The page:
Chinese Parliamentary Sessions 2013
March 2013 sees the annual meeting of the two legislative and consultative bodies of China, where major policies are decided and key government officials appointed. The National People's Congress (NPC) is held in the Great Hall of the People in China's capital, Beijing, and with 2,987 members, is the largest parliament in the world. It gathers alongside the People's Political Consultative Conference (CPPCC) whose members represent various groups of society.
Second state leader stresses Hong Kong's role in national security
New head-to-be of top legislature stresses city must show understanding of ‘one country, two systems’, after earlier warning on subversion
Colleen Lee, Gary Cheung in Beijing and Emily Tsang
A second state leader yesterday stressed the importance of Hong Kong safeguarding national security, a day after another warned the city against becoming a base for subversion and said its ruling elite had to love the nation.
Politburo Standing Committee member Zhang Dejiang , who will supervise Hong Kong and Macau Affairs and head the nation's top legislature, called on Hong Kong delegates at a closed-door meeting to help deepen the implementation of the "one country, two systems" concept, Xinhua reported.
Zhang also said the Hong Kong public should develop a fuller understanding of the concept - an expression often used by Beijing in showing its concerns that some Hongkongers placed the "two systems" ahead of the "one country" idea.
Zhang, ranked third in the party hierarchy, made the comment just a day after the fourth-ranked fellow Politburo Standing Committee member Yu Zhengsheng warned against Hong Kong becoming a base for subversion on Wednesday. Unlike Yu, Zhang did not mention universal suffrage, the chief executive election or "subversion".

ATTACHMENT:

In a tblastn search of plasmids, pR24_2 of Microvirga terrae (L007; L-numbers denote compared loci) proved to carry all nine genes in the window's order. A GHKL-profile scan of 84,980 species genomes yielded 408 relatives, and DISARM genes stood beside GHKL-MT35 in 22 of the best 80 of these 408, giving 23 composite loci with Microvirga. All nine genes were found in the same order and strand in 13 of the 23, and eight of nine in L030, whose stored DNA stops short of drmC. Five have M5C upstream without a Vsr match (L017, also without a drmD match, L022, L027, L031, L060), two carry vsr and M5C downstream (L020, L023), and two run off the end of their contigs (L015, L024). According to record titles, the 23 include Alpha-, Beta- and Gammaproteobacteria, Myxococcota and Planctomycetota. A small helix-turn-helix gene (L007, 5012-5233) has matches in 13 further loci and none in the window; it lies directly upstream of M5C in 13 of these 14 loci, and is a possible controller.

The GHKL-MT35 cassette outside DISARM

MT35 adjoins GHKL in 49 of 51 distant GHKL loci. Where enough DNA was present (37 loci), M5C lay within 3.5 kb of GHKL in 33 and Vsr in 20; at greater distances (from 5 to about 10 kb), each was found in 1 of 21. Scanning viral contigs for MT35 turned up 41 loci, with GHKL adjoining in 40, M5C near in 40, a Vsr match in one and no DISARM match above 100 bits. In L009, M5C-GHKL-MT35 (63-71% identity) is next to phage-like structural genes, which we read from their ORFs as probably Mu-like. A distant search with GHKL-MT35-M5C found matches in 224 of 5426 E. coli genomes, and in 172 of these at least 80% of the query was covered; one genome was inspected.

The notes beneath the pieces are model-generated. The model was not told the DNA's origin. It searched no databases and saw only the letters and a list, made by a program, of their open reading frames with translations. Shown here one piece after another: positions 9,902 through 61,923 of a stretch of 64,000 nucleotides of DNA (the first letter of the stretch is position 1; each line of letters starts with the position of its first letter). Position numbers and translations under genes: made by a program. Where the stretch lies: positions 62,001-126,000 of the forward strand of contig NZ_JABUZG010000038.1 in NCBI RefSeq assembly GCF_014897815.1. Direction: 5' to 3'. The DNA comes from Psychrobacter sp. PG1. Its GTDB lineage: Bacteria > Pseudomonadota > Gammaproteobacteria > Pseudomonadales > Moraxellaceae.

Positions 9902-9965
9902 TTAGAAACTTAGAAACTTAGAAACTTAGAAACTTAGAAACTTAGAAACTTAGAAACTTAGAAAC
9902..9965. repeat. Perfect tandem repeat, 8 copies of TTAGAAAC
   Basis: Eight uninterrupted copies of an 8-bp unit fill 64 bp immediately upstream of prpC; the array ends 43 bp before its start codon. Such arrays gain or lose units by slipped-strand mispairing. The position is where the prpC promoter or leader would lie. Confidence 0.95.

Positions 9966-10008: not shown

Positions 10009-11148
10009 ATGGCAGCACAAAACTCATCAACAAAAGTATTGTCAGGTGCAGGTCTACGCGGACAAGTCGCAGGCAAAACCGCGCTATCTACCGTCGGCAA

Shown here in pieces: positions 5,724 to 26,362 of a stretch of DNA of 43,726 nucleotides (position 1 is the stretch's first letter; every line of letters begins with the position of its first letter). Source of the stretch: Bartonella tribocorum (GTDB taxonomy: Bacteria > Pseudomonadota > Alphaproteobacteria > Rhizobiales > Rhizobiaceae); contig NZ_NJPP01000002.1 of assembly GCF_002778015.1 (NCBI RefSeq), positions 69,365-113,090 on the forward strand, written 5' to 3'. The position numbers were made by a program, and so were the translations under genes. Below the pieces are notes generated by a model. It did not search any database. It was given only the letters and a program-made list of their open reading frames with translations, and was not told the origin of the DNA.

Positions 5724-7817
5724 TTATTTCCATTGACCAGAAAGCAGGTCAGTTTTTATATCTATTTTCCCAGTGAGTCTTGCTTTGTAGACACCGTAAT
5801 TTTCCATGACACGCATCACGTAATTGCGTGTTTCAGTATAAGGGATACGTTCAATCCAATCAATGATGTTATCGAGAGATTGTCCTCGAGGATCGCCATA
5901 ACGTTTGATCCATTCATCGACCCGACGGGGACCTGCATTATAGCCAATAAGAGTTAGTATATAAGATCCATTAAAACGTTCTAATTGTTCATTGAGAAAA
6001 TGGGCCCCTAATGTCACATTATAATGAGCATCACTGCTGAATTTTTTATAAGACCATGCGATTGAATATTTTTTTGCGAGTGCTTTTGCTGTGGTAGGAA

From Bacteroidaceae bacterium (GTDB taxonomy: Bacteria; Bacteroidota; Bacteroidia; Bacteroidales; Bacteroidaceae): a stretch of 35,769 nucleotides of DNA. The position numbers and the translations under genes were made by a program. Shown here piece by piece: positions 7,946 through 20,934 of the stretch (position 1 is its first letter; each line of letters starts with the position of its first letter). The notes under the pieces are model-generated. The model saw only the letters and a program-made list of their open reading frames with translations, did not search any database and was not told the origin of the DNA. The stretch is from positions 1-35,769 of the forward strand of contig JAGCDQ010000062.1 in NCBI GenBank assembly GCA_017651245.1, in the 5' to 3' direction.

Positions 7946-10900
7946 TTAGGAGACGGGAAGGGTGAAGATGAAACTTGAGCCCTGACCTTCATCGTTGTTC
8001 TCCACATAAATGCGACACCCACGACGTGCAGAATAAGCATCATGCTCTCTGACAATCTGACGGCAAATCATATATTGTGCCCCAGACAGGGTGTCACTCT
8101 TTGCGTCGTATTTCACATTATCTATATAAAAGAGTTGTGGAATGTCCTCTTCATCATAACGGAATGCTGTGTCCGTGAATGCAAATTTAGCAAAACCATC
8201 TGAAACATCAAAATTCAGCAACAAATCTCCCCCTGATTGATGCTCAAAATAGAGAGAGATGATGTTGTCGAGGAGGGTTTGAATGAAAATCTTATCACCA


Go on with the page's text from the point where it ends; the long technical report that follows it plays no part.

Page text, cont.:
He stressed Hong Kong must safeguard national security as stated in last year's 18th party congress report - which sums up the governing philosophy of the party for the next five years.
"He used it to show that the central government's policy on Hong Kong remains unchanged," said Rita Fan Hsu Lai-tai, one of the 36 Hong Kong deputies of the National People's Congress at the meeting.
She added: "What I have heard [from Zhang] today were the clearest remarks over the past few years on Hong Kong's achievements and advantages." Another deputy, Michael Tien Puk-sun, said Zhang mentioned that conflicts between Hong Kong and mainland China were "expected". Tien quoted him as saying: "We need to handle it with a cool head and take concrete measures."
Several other deputies also described Zhang's comment as "more positive and less stern" than Yu's. Zhang and Yu are expected to head the nation's top legislature and top political advisory body respectively.
Zhang will take over from party chief Xi Jinping as the head of the party's leading group on Hong Kong and Macau Affairs - effectively the highest decision-making body on the two special administrations.
Political commentator Johnny Lau Yui-siu believed the comments were triggered by recent events, such as some protesters in Hong Kong waving colonial flags and a plan to occupy the roads in Central to demand universal suffrage.
Wang Gaungya , director of the Hong Kong and Macau Affairs Office under the State Council, said "a minority of people used Hong Kong as a bridgehead of subversion".